A recurring theme across literature and various stories is the idea of names, and the power that they can have. In Rumplestiltskin, the Queen must guess Rumplestiltskin’s name to save her child, an act she achieves through deception and spying. By announcing his name, he loses, tears himself in half, and as the sanitised versions say, they all lived happily ever after. In Harry Potter, Voldemort’s name is one to be feared, and even years after his initial defeat, even those of Harry’s generation, including Hermione, a Muggle-born, are afraid of speaking it – a fear that Voldemort exploits in the final book to track down those who are trying to fight him. And in Her by Garry Disher, names are taken away as an act of power, a way to control women and girls, and a way to make them feel desolate and alone. The scrap man buys his women and girls, and denies them names and identities beyond Wife, Big Girl, You and Sister. Moving around, selling scrap and goods made from scrap, the scrap man is abusive towards his women, and spends all the money on pub visits throughout the course of the novel, blaming You, Wife and Big Girl.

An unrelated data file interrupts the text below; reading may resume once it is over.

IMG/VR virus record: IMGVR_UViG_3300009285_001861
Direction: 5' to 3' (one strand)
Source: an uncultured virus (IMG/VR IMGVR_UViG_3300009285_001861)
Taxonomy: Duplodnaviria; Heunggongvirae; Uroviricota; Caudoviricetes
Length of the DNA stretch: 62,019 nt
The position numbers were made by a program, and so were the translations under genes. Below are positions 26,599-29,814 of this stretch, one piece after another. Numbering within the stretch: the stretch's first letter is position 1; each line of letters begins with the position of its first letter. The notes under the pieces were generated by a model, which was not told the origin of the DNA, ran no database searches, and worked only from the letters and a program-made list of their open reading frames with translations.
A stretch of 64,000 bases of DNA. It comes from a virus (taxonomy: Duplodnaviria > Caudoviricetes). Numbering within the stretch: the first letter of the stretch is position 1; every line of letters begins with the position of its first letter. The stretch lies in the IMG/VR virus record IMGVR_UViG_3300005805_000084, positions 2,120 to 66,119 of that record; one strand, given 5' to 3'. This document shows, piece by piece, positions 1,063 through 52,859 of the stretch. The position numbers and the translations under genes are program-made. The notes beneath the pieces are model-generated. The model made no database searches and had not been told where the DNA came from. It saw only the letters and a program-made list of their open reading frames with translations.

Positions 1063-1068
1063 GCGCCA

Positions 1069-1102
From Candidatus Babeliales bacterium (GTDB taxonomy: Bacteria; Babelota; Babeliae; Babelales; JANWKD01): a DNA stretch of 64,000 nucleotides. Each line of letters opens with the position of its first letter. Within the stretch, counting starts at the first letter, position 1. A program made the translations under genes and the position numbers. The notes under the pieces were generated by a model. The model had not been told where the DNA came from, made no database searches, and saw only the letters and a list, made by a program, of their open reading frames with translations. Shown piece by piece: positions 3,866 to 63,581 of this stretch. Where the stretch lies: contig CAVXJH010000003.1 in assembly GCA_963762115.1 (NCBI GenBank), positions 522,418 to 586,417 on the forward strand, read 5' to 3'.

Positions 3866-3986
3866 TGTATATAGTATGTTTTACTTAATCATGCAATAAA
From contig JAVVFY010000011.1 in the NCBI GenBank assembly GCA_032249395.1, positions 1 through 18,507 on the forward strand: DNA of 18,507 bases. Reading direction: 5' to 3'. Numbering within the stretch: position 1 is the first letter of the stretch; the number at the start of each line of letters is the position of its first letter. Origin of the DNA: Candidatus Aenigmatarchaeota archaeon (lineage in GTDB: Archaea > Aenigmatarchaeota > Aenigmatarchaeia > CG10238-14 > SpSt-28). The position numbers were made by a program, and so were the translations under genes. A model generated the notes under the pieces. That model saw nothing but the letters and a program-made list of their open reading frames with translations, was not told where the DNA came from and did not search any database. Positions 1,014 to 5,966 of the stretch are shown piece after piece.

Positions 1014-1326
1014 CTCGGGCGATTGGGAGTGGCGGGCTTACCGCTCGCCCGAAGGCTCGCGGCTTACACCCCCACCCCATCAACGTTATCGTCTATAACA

Eventually, You is questioned by authorities about her name, and why she isn’t in school. She soon desires a name, and eventually, at the age of about six or seven, names herself Lily. From here on in, Lily forges her own identity, and plans to escape with Sister, who becomes known as Hazel. Set during the turbulent first twenty years of the twentieth century, the First World War and the Spanish Flu pandemic, the scrap man and his hastily thrown together family, whose main purpose is to help him deceive, and allow him to do what he wants to them, are unaware of the lingering effects of the war, knowing only that rabbit skins are in high demand for boots and hats for soldiers, and only seeing it as a way to make a living that he soon fritters away at the pub, and blames ‘his women’ for losing.

In a world so consumed by the war, the Kaiser and the trenches, the Australia, the country Victoria that Lily and Hazel know is ignorant of this war that has affected millions. They are sneered at for not knowing how the war has broken people, and broken families. It is, at its heart, a story about broken people, bought by a man who comes across as having no humanity, no feelings, and who uses and abuses people.